Saturday, August 8, 2020

Depupping ‘White Rhino’

Queen Victoria agave (Agave victoria-reginae) is arguably one of the most beautiful and therefore most popular agaves. There are many different forms:  the all-green standard form with a varying number of white markings; several selections with yellow variegation; and a few clones with white variegation. The latter are quite rare, and hence highly sought after. 

One of the white-variegated forms is called ‘White Rhino’. It has off-white stripes on the outside and green in the middle. (A form called 'Mediopicta Alba' has the reverse: white in the center, green along the margins.)

I bought a ‘White Rhino’ offset a number of years ago—seven? eight?—and it's grown slowly but steadily. A speed demon it ain't, but few agaves are. 

On the upside, my ‘White Rhino’ has produced a handful of pups, and I finally decided to remove them so they can start life on their own (and hopefully make their own babies eventually).
Agave victoria-reginae ‘White Rhino’, about 7½ inches across

Here you can see some of the pups:
The only safe way to remove the offsets was to take the entire plant out of the pot. I had to run a bread knife along the inside of the pot to dislodge some roots that had attached themselves to the sides, but after that it was easy to pull out the root ball.
Then it was simply a matter of gently pulling away the pups. Here they are after separation:
And potted up individually:
Mother ‘White Rhino’ went back in the original concrete container in fresh soil (Ultra Potting Mix from American Soil & Stone in Richmond, CA with extra pumice added):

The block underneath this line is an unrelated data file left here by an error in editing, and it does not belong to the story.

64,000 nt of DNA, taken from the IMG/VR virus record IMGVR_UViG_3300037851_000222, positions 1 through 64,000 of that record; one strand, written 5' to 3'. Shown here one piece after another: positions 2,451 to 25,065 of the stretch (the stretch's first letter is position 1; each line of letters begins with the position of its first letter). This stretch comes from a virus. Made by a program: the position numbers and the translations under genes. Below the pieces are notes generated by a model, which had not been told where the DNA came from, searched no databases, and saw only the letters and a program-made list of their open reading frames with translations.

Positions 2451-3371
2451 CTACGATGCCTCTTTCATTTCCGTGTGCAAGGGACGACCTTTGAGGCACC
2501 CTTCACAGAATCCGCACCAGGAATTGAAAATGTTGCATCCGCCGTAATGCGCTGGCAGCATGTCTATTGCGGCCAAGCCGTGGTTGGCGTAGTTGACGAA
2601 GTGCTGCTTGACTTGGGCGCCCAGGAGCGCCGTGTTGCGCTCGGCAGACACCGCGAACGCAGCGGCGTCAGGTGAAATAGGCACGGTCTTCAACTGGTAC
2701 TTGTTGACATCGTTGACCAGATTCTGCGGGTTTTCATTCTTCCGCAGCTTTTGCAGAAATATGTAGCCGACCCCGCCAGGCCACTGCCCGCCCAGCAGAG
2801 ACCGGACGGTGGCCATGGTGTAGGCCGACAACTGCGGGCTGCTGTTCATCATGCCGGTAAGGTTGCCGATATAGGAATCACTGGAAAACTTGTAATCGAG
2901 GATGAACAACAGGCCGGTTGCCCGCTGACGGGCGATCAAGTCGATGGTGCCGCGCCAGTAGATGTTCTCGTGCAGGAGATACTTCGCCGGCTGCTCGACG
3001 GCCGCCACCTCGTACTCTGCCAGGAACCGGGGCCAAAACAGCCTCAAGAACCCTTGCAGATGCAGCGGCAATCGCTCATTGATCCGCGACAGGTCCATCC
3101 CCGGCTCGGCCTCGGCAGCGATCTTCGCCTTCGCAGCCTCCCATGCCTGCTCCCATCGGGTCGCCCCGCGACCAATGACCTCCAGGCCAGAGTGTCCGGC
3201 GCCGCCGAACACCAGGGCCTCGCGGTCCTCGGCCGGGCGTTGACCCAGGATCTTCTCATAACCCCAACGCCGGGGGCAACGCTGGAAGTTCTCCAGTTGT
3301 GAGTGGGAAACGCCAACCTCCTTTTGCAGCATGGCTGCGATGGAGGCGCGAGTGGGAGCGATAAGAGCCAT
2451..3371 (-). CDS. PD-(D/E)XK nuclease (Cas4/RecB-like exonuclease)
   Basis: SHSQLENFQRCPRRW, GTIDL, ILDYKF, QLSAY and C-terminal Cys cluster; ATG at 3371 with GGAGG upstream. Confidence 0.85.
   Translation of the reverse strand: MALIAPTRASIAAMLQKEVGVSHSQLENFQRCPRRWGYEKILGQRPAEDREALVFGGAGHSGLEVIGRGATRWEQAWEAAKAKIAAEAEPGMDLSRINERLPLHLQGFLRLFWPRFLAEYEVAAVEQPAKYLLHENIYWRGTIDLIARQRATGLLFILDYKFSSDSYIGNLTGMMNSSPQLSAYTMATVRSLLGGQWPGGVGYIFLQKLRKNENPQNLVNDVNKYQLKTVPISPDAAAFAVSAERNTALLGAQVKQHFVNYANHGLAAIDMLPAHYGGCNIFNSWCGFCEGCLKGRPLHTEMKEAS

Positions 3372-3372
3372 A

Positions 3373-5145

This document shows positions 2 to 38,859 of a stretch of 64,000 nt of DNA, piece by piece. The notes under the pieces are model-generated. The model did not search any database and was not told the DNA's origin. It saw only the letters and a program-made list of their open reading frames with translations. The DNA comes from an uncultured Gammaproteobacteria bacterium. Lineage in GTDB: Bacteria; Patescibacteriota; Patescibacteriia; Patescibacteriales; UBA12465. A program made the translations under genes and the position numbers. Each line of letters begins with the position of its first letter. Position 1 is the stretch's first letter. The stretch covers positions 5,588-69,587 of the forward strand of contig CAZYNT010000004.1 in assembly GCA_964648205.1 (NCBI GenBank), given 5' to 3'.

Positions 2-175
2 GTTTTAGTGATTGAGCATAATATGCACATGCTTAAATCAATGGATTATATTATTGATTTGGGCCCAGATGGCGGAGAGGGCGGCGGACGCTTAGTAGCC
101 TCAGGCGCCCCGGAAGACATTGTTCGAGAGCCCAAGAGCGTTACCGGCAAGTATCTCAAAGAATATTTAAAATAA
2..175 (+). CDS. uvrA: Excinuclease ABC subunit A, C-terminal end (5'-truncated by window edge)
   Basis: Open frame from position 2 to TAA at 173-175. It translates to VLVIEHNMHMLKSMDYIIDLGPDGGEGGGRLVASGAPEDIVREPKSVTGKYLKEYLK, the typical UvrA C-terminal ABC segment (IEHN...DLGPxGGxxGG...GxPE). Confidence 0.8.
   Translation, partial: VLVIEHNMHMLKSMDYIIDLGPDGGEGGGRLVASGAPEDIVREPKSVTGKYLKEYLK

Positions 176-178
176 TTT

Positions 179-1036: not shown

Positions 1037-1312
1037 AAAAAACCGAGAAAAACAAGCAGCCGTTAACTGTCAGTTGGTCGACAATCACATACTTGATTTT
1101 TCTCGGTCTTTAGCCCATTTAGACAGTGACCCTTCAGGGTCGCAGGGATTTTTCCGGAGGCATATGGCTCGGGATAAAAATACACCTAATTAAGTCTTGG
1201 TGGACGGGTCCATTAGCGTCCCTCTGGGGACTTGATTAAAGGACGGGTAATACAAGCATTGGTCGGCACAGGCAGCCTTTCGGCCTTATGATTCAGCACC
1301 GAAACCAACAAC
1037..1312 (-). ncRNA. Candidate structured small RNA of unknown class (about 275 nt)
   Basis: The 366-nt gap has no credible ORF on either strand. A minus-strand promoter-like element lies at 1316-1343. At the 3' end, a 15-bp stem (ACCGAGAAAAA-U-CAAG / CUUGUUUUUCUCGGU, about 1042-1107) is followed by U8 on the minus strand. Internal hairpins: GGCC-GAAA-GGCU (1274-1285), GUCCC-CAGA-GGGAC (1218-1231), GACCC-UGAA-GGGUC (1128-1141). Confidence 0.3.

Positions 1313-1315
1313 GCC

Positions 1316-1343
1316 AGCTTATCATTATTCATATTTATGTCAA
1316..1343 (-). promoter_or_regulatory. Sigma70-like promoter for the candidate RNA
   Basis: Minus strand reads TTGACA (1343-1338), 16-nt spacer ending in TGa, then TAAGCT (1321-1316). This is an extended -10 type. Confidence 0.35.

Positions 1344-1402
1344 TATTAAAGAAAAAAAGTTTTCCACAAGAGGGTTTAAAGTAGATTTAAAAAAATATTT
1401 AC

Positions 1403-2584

The pups will receive some extra TLC to help them get off to a good start. I will mist the small leaves several times a day for three or four days before I give the pots a light watering. The last thing I want is for the young 'uns to fall victim to rot.


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9 comments:

  1. It's a fabulous specimen and I think you're smart to "wean" the pups sooner rather than later. I'm wondering when you're going to open a nursery ;)

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  2. White rhino is a beauty. Can see why you would want more. Interesting about misting the babies vs watering. I have been repotting agave pups as well but unsure as to whether I water or leave them dry. Will try the misting. Thanks for the tip.

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    1. Water pups: I'd say it depends on how well developed their roots are. Few roots: keep the soil on the dry side, but not bone dry. More roots: water regularly.

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  3. What a stunning Agave White Rhino.. When you mist the pups do you mist the soil surrounding the pups or do you mist the pups themselves? Looking forward to seeing how they progress in size.

    I also use Ultra potting mix from AM Soil with added pumice for my succulent containers. Seems to do a great job.
    Curious as to what soil you use to plant your landscape (inground) succulents. I am currently using EB Stone Cactus and Succulent soil with added pumice. I am not sure whether it’s the best product.
    Thanks so much for your sharing and yes educating all us succulent addicts!!

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    1. I mist to keep the leaves from shriveling and the soil from becoming completely dry.

      In the ground: In the past, I amended our native clay soil with inorganic material (gravel, 1/8" lava rock, etc.). Now I mound on top of the native soil. I like Kellogg's cactus mix since it already contains pumice. EB Stone sounds good, too. Their products are top notch.

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  4. Queen Victoria and King Ferdinand are two of my favorite agave. How fun to have a whole herd of white rhinos! Would the mama plant grow any faster now, without all the pups attached?

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    1. I'm hoping the mama plant will grow a bit faster now, but it's just as likely she'll just make more babies.

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    2. Thank you Gerhard for answering my succulent questions. I appreciate it 😊🙏🏻

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